Mysterious Marjorie

It turns out I have an “ancestor” who was a painter of some renown. In fact, she is considered “one of the greatest painters of the Old West.” I discovered this by chance. My father recently moved to Seattle from Maryland and has unearthed a lot of stuff that had been stuck away in the basement of my parents’ old house. Today, we uncovered a painting wrapped in a plastic garbage bag, marked “Stagecoach.” I peeked in and liked what I saw. My father said it was painted by a woman his mother referred to as her “aunt.” I’ve done some poking around and am unable to find any proof that this woman was related to my grandmother, so for now this remains a mystery. I am intrigued. (There is sufficient literature about her life and work, and I’d like to get my hands on Gary Filmore’s All Aboard: The Life and Work of Marjorie Reed.)  While I’d love to know if we’re distantly related, it really doesn’t matter. She’s fascinating regardless.

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This mysterious Marjorie is Marjorie Reed. According to an article about her work in the San Diego Union-Tribune, she was born in Springfield, Illinois in 1915, moved to California as a young girl, and spent most of the rest of her life in the American West. She is famous for her landscapes, many of which feature stagecoaches. This was apparently inspired by her own travels over the Butterfield Overland Mail Trail in the 1930s, where she painted the landscapes she saw along the way. A couple of decades later she painted a whole series of these landscapes with by-then anachronistic stagecoaches picturesquely inserted into the scenes.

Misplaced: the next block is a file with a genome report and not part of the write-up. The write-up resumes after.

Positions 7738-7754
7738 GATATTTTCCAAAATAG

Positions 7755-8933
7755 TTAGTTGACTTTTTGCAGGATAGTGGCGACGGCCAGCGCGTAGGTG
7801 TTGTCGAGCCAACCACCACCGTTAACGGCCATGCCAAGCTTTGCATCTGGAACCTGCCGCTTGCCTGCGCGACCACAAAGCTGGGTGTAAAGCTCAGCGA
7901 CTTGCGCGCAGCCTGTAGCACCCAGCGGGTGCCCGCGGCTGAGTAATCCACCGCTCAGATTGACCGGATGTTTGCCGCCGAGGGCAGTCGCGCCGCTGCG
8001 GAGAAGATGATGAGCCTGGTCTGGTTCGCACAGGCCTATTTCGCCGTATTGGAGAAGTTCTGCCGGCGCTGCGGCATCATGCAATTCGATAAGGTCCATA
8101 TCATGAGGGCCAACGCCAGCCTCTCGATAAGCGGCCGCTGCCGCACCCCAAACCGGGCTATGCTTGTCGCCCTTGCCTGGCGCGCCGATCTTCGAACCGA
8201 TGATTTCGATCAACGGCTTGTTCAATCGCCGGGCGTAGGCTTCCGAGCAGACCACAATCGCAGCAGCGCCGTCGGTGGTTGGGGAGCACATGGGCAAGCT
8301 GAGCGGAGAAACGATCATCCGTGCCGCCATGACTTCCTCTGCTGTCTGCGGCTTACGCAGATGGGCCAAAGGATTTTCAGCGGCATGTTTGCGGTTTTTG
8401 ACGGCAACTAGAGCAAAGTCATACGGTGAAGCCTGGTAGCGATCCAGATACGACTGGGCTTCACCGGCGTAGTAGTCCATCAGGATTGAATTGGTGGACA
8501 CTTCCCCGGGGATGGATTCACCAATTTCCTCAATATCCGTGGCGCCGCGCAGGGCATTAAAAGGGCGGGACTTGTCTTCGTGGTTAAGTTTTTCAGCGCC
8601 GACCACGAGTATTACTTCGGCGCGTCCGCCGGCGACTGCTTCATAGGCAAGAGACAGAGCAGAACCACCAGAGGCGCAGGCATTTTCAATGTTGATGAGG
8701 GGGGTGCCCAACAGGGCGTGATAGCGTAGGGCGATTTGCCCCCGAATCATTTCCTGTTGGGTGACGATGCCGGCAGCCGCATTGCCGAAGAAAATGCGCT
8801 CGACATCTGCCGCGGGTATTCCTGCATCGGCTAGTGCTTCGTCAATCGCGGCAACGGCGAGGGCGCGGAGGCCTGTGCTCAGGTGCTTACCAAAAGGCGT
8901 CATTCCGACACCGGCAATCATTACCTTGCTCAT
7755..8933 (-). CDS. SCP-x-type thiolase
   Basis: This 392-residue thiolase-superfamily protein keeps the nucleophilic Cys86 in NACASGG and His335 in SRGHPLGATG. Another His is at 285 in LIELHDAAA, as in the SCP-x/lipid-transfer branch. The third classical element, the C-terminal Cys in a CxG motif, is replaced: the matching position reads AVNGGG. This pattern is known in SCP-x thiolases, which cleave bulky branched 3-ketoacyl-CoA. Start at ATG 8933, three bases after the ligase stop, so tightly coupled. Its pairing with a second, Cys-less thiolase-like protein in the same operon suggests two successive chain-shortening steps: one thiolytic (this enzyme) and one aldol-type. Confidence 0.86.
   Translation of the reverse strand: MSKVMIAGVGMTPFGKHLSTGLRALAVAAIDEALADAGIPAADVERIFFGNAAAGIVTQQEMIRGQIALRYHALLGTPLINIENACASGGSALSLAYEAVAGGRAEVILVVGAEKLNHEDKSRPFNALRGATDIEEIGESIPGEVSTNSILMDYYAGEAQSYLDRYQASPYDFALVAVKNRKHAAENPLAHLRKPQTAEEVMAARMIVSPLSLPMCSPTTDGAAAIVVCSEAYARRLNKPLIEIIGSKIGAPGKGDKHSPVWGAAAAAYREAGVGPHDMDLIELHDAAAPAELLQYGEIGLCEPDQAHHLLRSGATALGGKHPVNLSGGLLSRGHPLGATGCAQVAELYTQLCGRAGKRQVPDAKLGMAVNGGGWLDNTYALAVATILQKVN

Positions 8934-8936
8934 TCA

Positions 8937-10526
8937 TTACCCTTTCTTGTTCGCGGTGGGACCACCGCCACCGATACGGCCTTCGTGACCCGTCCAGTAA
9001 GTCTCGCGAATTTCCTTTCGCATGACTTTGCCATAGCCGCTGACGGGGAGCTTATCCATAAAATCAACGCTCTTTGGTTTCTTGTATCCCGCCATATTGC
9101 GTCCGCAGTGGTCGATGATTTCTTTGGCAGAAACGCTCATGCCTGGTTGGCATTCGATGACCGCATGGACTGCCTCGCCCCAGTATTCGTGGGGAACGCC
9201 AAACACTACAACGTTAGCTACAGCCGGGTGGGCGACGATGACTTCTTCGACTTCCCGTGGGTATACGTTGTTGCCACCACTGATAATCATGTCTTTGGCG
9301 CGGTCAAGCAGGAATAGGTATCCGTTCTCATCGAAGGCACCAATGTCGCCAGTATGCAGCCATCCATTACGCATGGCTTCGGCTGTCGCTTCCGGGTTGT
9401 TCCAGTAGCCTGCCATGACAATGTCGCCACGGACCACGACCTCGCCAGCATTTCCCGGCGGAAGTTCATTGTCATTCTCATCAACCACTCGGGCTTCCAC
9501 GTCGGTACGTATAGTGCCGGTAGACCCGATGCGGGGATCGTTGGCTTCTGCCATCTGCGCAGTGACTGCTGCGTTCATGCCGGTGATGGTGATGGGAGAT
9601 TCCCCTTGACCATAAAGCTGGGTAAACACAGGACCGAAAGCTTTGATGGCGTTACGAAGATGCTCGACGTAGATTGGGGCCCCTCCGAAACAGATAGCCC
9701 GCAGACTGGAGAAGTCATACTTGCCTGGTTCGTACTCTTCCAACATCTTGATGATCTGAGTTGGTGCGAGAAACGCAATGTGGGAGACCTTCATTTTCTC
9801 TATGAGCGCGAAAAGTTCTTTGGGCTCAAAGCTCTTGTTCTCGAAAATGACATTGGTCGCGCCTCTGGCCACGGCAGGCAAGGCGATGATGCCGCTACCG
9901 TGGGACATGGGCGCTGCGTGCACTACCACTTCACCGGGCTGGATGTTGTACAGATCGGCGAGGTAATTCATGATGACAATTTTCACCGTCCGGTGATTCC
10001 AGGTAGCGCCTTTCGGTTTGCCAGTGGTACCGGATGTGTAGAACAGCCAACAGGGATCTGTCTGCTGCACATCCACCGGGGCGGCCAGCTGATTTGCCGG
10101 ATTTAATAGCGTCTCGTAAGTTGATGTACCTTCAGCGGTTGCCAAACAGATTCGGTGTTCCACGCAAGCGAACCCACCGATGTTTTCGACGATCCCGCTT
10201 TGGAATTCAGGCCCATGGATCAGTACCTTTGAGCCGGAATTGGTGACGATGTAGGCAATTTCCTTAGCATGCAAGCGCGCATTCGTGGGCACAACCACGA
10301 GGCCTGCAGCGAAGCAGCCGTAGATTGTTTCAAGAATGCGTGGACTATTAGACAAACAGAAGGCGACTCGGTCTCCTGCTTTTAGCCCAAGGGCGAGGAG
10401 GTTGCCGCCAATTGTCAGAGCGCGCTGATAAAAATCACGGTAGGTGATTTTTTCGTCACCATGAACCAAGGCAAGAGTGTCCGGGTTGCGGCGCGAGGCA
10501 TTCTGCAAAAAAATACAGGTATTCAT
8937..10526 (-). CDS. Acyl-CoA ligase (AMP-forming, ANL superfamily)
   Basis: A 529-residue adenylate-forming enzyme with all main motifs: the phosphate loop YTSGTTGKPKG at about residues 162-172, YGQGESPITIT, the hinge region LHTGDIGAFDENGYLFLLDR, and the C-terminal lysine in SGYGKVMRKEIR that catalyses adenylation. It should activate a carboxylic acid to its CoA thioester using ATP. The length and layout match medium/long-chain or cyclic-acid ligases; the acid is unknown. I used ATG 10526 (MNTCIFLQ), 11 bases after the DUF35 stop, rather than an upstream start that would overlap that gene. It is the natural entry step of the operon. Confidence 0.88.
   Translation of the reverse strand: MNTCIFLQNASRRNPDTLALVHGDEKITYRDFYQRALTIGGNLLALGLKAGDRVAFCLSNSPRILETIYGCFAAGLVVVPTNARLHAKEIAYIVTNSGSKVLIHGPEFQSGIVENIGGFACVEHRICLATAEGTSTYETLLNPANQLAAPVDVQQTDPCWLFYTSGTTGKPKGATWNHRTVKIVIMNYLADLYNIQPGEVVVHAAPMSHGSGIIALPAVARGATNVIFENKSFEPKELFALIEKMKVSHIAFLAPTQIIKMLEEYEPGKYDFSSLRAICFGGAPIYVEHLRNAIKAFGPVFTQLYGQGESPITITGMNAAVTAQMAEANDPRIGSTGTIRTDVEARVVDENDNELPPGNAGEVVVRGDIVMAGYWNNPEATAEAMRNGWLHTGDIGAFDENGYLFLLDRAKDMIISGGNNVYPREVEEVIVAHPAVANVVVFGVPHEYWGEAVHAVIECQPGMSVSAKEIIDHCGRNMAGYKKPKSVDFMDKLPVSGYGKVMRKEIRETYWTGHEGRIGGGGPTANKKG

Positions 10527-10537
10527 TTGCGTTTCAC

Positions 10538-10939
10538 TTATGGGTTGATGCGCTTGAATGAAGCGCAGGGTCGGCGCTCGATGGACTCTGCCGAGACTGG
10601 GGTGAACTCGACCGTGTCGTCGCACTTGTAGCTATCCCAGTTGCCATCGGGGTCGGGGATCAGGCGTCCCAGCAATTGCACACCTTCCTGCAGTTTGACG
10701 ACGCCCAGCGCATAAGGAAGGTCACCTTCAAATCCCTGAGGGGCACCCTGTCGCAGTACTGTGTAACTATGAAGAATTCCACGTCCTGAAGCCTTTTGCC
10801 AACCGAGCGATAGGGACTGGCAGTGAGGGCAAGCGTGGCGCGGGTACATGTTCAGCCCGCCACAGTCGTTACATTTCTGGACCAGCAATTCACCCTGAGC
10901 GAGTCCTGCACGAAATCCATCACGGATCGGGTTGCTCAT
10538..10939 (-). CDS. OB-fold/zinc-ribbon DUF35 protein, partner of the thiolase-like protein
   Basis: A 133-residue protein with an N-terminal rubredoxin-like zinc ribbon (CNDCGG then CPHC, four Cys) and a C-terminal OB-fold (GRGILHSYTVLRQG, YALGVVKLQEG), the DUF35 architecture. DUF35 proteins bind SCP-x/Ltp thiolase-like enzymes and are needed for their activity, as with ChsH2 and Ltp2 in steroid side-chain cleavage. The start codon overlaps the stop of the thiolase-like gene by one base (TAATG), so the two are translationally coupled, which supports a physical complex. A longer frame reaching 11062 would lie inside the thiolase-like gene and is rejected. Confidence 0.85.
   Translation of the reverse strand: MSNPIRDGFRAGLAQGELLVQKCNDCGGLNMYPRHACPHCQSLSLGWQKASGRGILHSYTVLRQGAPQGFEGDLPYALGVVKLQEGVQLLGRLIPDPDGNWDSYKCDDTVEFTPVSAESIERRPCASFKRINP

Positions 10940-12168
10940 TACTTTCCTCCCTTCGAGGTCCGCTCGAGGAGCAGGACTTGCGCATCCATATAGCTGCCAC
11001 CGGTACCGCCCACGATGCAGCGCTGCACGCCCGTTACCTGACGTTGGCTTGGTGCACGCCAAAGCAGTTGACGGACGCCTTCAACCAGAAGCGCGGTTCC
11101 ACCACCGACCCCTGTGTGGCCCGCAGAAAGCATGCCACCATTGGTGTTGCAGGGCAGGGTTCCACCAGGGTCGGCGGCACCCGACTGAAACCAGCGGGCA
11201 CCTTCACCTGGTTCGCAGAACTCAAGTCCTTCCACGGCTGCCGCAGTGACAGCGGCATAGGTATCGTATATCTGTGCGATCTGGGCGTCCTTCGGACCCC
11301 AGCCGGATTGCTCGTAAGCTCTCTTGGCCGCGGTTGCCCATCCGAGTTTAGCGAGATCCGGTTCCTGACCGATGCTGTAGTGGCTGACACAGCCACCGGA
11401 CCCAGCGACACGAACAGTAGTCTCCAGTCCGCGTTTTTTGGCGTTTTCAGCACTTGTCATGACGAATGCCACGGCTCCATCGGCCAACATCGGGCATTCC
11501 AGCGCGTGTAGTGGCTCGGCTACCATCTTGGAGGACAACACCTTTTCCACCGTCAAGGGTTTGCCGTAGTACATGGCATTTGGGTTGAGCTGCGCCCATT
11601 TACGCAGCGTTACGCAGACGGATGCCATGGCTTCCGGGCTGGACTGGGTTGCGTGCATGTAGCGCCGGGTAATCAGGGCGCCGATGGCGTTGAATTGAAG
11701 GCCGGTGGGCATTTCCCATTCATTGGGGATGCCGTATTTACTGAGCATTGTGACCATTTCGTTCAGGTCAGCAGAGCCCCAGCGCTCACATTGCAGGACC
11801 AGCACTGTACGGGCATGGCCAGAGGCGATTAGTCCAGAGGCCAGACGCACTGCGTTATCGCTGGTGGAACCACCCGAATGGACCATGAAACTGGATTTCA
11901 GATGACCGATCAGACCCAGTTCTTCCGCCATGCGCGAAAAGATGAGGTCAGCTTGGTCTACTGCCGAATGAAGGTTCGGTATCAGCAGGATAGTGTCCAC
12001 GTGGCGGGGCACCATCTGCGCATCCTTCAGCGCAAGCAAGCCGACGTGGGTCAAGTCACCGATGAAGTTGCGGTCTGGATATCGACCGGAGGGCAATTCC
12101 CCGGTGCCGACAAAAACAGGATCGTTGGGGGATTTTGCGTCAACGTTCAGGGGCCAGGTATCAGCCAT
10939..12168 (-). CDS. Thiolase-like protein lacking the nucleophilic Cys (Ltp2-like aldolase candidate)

I’m not sure if the painting my dad has was made as a part of that series, but it certainly fits the bill. A stagecoach thunders across a dry landscape, clouds of dust flying up under its wheels. There is no sign of civilization; the hardy travelers seem entirely alone in a desolate landscape. But it isn’t an unfriendly landscape. It is light and bright and full of promise. Ready for the taking. It is a perfect example of the narrative of the heroic pioneer that mythologizes the American West.

I find the people inside of the stagecoach most intriguing. It looks crowded in there and I can imagine the stifling, claustrophobic air, as well as the relief the roof provides from the heat of the sun. Mostly, I am entranced by the figure closest to the window looking out toward the viewer. I can imagine what he’s seeing–the ground rocking as the coach lurches over the dirt road, the haze of dust, the glare of the sun–as well as what he might be thinking. Is he returning home, eager to reunite with his family? Is he heading into the unknown? Leaving behind everything he’s known in search of a promising future? Somehow I get the sense it’s the latter. He’s diving headfirst into a new life.

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I can imagine the weariness of this anonymous traveler and can’t help but see him as a metaphor of sorts. As his coach rushes forward, seemingly unstoppable, he stares out at the world around him, uncertain but resolute. Wary but determined. Whatever lays ahead, this man will embrace it and make the best of it. He’s traveled so far, and there’s no turning back now. As he hurtles toward his fate I hope he is able to appreciate the awesome beauty flashing past his window.

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